Riotous mob incited by President Trump widely condemned

A pro-Trump mob stormed the Capitol, breaking windows and clashing with police officers. Trump supporters gathered in the nation's capital today to protest the ratification of President-elect Joe Biden's Electoral College victory over President Trump

Wednesday, January 6 will go down in infamy as the nation’s Capitol was stormed by an angry mob, disenfranchised over what they felt was an election stolen from President Donald Trump.

President-elect Joe Biden and former President George W. Bush are among those calling the day’s events, which have been widely condemned, an insurrection.  

The ceremonial count of Electoral College votes was violently interrupted by pro-Trump supporters who were directly incited moments earlier by the president himself, who spoke at a rally. 

"We're going to walk down to the Capitol. And we're gonna cheer on our brave senators and congressmen and women. And we're probably not going to be cheering, so much for some of them, because you'll never take back our country with weakness, you have to show strength and you have to be strong," Trump said at the rally. He indicated the march would be "peaceful and patriotic." 

Reporters and media contemplated their shock in real time as the U.S. Capitol would soon be infiltrated with relative ease, despite warnings on social media well ahead of time, that Trump’s riotous supporters would descend upon Washington. No one really knew how that would play out, but the argument that law enforcement was ill prepared is valid. 

Lawmakers were escorted to safety and huddled in various quarters as MAGA marauders wandered the halls, posed for photos in the chamber, made off with items like podiums and even managed to enter House Speaker Nancy Pelosi’s office. In a perverse display of entitlement, one of them kicked up his feet as he sat at her desk. 

The reaction has been widespread on social media. Much of it focused on Congress members checking in to let their constituents know they were safe after barricading for about five hours. Other lawmakers simply shared how they felt about the situation.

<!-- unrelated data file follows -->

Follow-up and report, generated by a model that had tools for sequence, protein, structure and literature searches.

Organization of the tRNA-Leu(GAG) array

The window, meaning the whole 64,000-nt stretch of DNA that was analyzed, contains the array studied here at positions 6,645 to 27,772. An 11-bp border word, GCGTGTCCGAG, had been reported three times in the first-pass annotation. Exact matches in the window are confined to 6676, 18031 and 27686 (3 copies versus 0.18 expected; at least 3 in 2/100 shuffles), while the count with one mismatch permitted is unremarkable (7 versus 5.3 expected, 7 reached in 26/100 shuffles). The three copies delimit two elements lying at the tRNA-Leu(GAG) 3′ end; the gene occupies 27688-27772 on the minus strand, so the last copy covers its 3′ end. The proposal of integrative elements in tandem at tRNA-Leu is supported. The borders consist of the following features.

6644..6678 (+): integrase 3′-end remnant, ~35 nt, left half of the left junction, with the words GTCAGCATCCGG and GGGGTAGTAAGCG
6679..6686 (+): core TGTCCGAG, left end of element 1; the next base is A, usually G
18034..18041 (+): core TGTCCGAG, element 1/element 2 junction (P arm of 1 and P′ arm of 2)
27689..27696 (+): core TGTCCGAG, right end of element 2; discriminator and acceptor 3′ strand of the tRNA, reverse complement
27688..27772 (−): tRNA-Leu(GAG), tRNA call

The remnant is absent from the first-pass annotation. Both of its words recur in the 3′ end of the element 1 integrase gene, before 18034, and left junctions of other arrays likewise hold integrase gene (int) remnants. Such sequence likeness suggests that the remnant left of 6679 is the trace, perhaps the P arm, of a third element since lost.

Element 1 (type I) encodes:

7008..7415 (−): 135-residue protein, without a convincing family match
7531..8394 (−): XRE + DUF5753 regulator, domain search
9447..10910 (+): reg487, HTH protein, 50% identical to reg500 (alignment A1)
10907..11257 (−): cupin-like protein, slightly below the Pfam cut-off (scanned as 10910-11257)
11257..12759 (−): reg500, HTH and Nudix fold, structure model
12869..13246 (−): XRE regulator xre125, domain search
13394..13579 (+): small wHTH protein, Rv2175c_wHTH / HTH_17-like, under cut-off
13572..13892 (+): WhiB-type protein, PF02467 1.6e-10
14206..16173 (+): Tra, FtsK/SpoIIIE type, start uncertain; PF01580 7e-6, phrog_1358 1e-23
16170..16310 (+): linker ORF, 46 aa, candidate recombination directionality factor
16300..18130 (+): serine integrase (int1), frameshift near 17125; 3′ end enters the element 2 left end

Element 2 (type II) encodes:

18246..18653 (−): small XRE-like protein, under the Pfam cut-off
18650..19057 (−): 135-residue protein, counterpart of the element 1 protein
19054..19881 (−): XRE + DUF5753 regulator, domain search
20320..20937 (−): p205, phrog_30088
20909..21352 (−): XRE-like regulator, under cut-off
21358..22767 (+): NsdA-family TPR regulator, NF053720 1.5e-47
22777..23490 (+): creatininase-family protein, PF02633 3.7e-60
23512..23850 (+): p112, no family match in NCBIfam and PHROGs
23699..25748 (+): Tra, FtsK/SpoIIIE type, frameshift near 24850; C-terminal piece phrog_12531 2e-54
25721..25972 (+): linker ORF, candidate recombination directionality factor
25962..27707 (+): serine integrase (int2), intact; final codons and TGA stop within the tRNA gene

Sen. Dianne Feinstein (D- Calif.) did not mince words as she directly blamed Trump for what she called a "dark day" that included shots being fired in the Capitol. A woman who was carried out of the building was later confirmed dead

"Donald Trump is responsible for this madness. He told supporters he would march with them to the Capitol, then abandoned his unruly mob and escaped to the White House," Feinstein said. "Mr. President. Stop working to destroy our democracy." 

By 8 p.m., a determined Congress reconvened to resume the vote count. It was unclear if the 13 Republican senators planned to continue with their objections to Joe Biden’s election.

In a scathing critique, Feinstein said the actions of those senators planning objections are only doing it for their own political gain and foster "serious division."

As of this writing, outgoing U.S. Senator Kelly Loeffler (R-Ga.) had a change of heart based on the day’s events. She decided not to object. Sen. Steve Daines and Sen. Mike Braun of Montana and Indiana respectively, also shifted and said they would not object. 

Former President Barack Obama weighed in to say the "violent crescendo" at the Capitol came to fruition because of the "fantasy narrative" perpetrated in part by Republicans and their media ecosystem. 

He said Republican leaders can, "continue down this road and keep stoking the raging fires. Or they can choose reality and take the first steps toward extinguishing the flames. They can choose America."

Congresswoman Barbara Lee (D- Calif.) expressed her gratitude for being whisked away to safety during what she called a "stain on America" and a "violent coup attempt." 

"Donald Trump has spent months enraging his supporters with the lie that the election was stolen from them, despite the fact that every one of his wild allegations is demonstrably false," Lee's statement read. 

By Wednesday evening, Facebook and Twitter removed a video post from the president's social media accounts where he asked his supporters to go home, but also called his violent supporters "very special," said he loved them, and repeated his false statements regarding the election. 

Twitter has locked the president's account for 12 hours and are considering permanent suspension if there are further violations of their rules. 

But the damage was already done.

Congresswoman Grace Meng (D-New York) shared photos of her vantage point during the ordeal. She said "protesters were right outside the door chanting ‘USA, USA’ as she hid. 

Contra Costa Republican Party Chairman Matt Shupe issued a statement that read in part, "You cannot say you support law and order in one breath and then act this way the next." He added that he was "deeply embarrassed" for the nation. 

Despite the disturbing scenes that unfolded on Capitol Hill, many were sure to include the sentiment that in the end, democracy will prevail.

This story was reported from San Francisco.